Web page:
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Poor, Degraded Soil Hampers Paddy Growth in Punjab

The paddy cultivation in Punjab is unviable for farmers as the Punjab has been in the top of list in the production of food since the beginning of the green revolution. Now the situation has changed due to excessive use of fertilizers has rendered the soil in several districts of the state unsuitable for growing paddy.  It is not the problem of depleting water table, the more pressing problem in Punjab for the paddy grower farmers is the rapidly growing soil quality, which has made paddy cultivation difficult  due to soil`s poor and degradation quality.

According to the latest report of the soil survey division of the department of soil and water conservation, survey carried out in Moga, Barnala, SBS Nagar, SAS Nagar, Fategarh Sahib, Patiala and Sangrur districts showed severe soil degradation due to wheat and paddy cropping pattern introduced in the state during the Green Revolution.    

Due to over-exploitation and excessive use of chemical fertilizers, insecticides and pesticides, the soil has degraded, which has led to further decrease in water holding capacity of the soil and its friable and loose structure of soil. The farmers, in order to increase the yields, are pumping in more nitrogen and phosphorous into the soil, leading to further degradation. The soil is suitable for growing wheat, groundnuts, soybean and vegetables but not rice,” said an official of the soil and water conservation department. Now, all the 12,400 villages in the state will be mapped for their soil health and land use. Sources said the department will collaborate with the Nagpur-based National Bureau of Soil Survey and Land Use Planning for generating land resource inventory database at village level, using GIS technology. This means the department will have complete land and soil data of each and every village for better planning and implementation of various developmental schemes.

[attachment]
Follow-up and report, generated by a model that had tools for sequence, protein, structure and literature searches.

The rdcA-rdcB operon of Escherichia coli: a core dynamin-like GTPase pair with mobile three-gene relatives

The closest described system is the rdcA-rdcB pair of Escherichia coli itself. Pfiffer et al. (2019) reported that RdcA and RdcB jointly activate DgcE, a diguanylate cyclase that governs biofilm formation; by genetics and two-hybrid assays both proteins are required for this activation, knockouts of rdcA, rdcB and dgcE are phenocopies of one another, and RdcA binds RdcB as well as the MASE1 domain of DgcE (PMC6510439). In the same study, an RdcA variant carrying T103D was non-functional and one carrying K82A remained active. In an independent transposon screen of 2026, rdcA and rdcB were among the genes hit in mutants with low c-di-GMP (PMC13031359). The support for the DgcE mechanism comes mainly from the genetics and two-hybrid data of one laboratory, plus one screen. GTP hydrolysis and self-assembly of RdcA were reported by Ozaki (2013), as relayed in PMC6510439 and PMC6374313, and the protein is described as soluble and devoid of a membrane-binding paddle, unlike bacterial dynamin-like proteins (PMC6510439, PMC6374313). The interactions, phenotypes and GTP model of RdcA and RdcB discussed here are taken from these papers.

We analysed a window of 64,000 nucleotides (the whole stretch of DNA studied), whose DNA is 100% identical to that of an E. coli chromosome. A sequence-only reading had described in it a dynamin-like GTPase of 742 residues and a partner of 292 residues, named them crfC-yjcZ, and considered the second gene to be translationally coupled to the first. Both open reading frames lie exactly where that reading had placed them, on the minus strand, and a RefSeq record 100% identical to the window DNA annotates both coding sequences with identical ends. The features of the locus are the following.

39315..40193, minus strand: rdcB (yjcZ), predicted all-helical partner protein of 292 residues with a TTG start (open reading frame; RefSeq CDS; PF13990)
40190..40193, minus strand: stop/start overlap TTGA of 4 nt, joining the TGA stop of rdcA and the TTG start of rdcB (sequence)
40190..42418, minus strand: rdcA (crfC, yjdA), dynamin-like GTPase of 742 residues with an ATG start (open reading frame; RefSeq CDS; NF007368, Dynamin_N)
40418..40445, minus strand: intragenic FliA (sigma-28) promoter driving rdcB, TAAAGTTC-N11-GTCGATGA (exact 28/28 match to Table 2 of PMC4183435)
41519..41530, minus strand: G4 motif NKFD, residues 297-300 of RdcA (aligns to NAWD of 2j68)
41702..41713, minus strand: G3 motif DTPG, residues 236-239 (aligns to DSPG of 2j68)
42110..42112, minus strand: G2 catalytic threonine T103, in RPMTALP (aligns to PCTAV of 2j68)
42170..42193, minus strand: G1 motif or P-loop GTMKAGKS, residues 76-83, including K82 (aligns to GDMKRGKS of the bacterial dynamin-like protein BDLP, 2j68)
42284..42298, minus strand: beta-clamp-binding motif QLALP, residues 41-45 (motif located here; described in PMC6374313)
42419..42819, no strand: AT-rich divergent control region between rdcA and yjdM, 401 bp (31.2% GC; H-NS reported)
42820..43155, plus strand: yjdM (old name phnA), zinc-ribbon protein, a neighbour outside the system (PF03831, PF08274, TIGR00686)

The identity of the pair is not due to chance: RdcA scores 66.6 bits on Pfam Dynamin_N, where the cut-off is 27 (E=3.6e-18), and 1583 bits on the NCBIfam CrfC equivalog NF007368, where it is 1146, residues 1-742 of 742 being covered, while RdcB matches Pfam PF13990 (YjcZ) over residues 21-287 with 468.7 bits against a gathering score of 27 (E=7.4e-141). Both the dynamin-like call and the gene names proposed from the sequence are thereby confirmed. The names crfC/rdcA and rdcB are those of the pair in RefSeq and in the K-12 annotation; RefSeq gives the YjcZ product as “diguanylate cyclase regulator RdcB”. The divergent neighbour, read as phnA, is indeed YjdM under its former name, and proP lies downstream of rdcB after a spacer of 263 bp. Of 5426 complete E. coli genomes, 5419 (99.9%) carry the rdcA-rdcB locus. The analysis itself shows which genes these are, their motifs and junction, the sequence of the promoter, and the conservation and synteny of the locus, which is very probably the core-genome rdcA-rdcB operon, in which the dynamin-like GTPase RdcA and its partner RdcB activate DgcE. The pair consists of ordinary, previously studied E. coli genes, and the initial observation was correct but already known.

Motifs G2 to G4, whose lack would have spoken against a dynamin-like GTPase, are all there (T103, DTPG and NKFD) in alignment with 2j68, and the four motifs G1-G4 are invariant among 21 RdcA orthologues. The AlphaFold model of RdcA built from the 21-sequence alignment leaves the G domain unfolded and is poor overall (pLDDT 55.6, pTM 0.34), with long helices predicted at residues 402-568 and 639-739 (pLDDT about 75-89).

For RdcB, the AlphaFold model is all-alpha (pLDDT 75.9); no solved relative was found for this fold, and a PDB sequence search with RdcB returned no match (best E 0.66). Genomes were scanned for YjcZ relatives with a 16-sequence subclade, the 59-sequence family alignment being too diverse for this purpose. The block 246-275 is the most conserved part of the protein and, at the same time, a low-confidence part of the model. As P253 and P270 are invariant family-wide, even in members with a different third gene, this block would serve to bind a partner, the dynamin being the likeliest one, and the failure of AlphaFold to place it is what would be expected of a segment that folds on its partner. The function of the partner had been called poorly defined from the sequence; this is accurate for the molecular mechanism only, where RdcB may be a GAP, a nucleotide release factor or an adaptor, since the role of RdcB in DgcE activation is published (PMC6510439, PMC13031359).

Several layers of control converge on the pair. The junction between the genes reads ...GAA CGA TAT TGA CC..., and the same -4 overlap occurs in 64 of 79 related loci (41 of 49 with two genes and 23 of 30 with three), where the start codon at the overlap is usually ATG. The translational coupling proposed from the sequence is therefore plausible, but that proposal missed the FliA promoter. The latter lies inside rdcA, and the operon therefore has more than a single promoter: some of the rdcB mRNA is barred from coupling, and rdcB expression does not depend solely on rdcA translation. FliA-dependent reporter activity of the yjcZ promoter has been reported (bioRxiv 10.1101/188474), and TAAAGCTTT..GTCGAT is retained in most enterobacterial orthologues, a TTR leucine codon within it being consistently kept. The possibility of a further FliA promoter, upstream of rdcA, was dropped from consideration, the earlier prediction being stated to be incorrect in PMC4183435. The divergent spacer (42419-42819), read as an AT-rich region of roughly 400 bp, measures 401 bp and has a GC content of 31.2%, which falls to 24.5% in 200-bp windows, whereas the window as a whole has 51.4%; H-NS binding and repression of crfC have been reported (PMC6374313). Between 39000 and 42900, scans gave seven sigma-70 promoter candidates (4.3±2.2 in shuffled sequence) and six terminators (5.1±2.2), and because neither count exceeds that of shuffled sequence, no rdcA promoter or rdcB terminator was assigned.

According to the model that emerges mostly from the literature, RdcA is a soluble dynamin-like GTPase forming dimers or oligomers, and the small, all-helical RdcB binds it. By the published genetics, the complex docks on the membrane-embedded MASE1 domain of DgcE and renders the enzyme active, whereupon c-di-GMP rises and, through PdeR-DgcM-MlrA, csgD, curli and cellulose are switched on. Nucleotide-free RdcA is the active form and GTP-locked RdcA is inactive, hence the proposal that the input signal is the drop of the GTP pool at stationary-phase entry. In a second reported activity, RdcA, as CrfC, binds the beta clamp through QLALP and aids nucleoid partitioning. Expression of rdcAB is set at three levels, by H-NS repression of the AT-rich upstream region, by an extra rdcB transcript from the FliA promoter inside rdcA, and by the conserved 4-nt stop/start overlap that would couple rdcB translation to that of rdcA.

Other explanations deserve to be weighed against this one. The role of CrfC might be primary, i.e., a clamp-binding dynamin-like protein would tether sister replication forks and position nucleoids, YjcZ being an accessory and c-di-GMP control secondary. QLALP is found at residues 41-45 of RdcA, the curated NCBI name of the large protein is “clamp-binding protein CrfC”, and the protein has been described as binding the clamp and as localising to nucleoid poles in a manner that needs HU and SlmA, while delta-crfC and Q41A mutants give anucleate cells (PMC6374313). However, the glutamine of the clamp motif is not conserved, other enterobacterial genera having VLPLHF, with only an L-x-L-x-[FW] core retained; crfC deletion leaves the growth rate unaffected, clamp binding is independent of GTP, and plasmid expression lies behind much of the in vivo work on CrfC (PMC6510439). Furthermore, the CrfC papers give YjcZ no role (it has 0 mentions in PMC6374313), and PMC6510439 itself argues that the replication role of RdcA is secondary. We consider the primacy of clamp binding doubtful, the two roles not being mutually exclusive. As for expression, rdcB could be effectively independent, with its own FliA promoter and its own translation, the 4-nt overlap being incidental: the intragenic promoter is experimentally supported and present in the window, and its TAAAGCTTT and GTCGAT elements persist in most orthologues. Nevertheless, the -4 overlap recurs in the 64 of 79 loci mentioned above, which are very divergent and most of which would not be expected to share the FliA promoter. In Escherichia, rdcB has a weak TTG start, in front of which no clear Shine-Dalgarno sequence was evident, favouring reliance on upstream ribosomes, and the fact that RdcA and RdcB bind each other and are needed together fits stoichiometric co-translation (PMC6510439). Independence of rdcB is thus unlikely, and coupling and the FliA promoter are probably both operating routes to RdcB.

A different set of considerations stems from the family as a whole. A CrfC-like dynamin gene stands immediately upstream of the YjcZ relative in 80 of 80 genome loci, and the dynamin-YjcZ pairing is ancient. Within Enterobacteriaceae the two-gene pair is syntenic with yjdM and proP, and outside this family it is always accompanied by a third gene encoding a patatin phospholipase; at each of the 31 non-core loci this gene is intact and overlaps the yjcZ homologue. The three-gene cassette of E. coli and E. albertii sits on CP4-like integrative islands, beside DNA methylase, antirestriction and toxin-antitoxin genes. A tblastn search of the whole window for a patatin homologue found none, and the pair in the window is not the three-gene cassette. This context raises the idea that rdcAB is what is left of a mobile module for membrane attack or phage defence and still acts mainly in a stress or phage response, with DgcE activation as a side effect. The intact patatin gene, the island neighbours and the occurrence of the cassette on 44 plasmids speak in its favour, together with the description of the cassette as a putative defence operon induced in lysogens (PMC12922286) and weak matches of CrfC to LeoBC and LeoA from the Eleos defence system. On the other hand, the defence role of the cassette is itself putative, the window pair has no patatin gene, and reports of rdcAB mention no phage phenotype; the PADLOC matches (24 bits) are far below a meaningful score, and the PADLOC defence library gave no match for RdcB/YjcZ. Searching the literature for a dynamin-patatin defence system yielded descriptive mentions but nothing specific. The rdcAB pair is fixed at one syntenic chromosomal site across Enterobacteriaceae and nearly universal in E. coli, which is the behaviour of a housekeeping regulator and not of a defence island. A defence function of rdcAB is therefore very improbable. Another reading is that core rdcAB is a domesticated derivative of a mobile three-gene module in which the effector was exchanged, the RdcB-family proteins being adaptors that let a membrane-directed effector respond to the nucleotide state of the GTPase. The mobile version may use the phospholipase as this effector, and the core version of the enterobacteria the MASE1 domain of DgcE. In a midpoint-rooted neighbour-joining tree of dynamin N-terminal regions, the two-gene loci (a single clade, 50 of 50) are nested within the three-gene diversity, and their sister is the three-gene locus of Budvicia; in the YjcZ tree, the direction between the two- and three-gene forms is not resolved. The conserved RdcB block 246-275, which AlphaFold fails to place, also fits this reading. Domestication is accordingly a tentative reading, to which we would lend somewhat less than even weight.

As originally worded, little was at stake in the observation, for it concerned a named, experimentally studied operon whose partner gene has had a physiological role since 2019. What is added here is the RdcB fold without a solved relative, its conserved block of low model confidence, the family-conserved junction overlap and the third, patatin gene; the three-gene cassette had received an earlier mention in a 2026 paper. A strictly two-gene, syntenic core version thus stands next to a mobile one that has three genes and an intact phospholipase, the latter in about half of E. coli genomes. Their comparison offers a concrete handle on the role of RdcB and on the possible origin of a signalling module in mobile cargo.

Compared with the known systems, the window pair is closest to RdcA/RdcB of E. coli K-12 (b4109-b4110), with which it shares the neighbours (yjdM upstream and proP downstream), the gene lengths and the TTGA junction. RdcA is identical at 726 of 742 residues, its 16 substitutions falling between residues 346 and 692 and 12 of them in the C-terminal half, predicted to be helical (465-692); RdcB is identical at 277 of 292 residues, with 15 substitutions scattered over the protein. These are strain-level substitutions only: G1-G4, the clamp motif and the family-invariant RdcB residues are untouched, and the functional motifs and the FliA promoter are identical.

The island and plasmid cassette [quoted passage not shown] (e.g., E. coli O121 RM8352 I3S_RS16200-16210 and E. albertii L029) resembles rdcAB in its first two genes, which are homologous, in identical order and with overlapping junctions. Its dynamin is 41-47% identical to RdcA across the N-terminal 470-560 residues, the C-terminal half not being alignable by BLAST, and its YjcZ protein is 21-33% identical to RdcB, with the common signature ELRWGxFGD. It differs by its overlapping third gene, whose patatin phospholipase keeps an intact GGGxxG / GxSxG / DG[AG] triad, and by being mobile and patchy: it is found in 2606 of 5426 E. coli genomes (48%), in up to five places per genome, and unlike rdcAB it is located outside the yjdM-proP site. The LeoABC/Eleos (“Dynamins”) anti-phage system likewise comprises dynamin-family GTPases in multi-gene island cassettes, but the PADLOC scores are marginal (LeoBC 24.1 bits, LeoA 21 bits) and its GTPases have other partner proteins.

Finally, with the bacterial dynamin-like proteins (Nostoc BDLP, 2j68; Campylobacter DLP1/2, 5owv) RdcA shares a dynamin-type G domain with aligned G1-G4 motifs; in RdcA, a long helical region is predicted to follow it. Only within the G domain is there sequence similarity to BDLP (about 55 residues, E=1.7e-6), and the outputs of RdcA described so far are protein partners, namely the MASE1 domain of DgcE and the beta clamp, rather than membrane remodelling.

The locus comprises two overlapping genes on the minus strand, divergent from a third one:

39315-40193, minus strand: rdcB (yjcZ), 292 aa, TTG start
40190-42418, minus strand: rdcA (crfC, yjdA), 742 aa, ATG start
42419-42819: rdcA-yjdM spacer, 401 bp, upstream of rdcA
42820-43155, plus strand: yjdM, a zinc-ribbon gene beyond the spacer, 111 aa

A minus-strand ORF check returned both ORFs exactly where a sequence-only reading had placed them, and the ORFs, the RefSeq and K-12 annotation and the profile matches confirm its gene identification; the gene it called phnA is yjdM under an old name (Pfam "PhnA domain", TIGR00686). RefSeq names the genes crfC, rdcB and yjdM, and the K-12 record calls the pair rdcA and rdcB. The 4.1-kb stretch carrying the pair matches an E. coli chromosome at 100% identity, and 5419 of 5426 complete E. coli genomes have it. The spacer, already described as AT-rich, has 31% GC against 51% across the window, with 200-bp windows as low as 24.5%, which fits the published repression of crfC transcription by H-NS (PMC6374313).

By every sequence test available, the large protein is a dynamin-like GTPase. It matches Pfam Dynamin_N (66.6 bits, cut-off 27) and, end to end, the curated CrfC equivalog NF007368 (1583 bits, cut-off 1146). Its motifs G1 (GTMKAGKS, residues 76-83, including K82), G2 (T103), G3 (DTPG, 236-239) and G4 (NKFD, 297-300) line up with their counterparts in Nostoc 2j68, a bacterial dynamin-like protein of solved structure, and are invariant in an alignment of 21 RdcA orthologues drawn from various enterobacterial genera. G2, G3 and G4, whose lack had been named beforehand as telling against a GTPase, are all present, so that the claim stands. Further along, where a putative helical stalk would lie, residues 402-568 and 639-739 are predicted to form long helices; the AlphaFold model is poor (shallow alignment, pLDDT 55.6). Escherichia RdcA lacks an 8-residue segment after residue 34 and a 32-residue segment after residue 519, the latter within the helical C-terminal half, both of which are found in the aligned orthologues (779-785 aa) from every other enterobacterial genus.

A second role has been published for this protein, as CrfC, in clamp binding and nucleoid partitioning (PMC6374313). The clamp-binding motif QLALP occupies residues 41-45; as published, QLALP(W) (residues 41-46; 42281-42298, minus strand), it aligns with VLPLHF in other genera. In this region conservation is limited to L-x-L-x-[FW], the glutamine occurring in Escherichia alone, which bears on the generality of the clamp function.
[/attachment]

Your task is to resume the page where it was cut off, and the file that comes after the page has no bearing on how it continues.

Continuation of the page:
The soil surveys are aimed at providing complete inventory of properties of soils such as texture, erosion, permeability, depth, slope and drainage, salinity, stoniness, wetness, fertility and various topographical features of specific area. These soil samples are tested for macro and micro nutrient contents at soil testing laboratory of Punjab Agriculture University,” the official said.

According to a National Bank for Agriculture and Rural Development report of 2015-16, Punjab contributed nearly 29 percent rice to the central pool. More than 30 lakh hectares of area in Punjab is under paddy cultivation in the state. The state government’s plan to bring it down by over one lakh hectares to around 28 lakh hectares this year has failed. Soil survey report of  7 districts. Sangrur: Soil is alkaline and at some places, slightly to moderate sodic in nature. Not suitable for paddy cultivation.  SAS Nagar, Patiala, Fategarh Sahib: Not fit for paddy. Barnala: Soil is unfit for paddy cultivation as 88 percent area has medium carbon content and 46 percent is high in phosphorus. SBS Nagar: Soil is alkaline and low in organic matter in 20 percent area, while it is high in phosphorous in 63 percent area.  Moga: Medium to high potassium content. Soil has low nitrogen.



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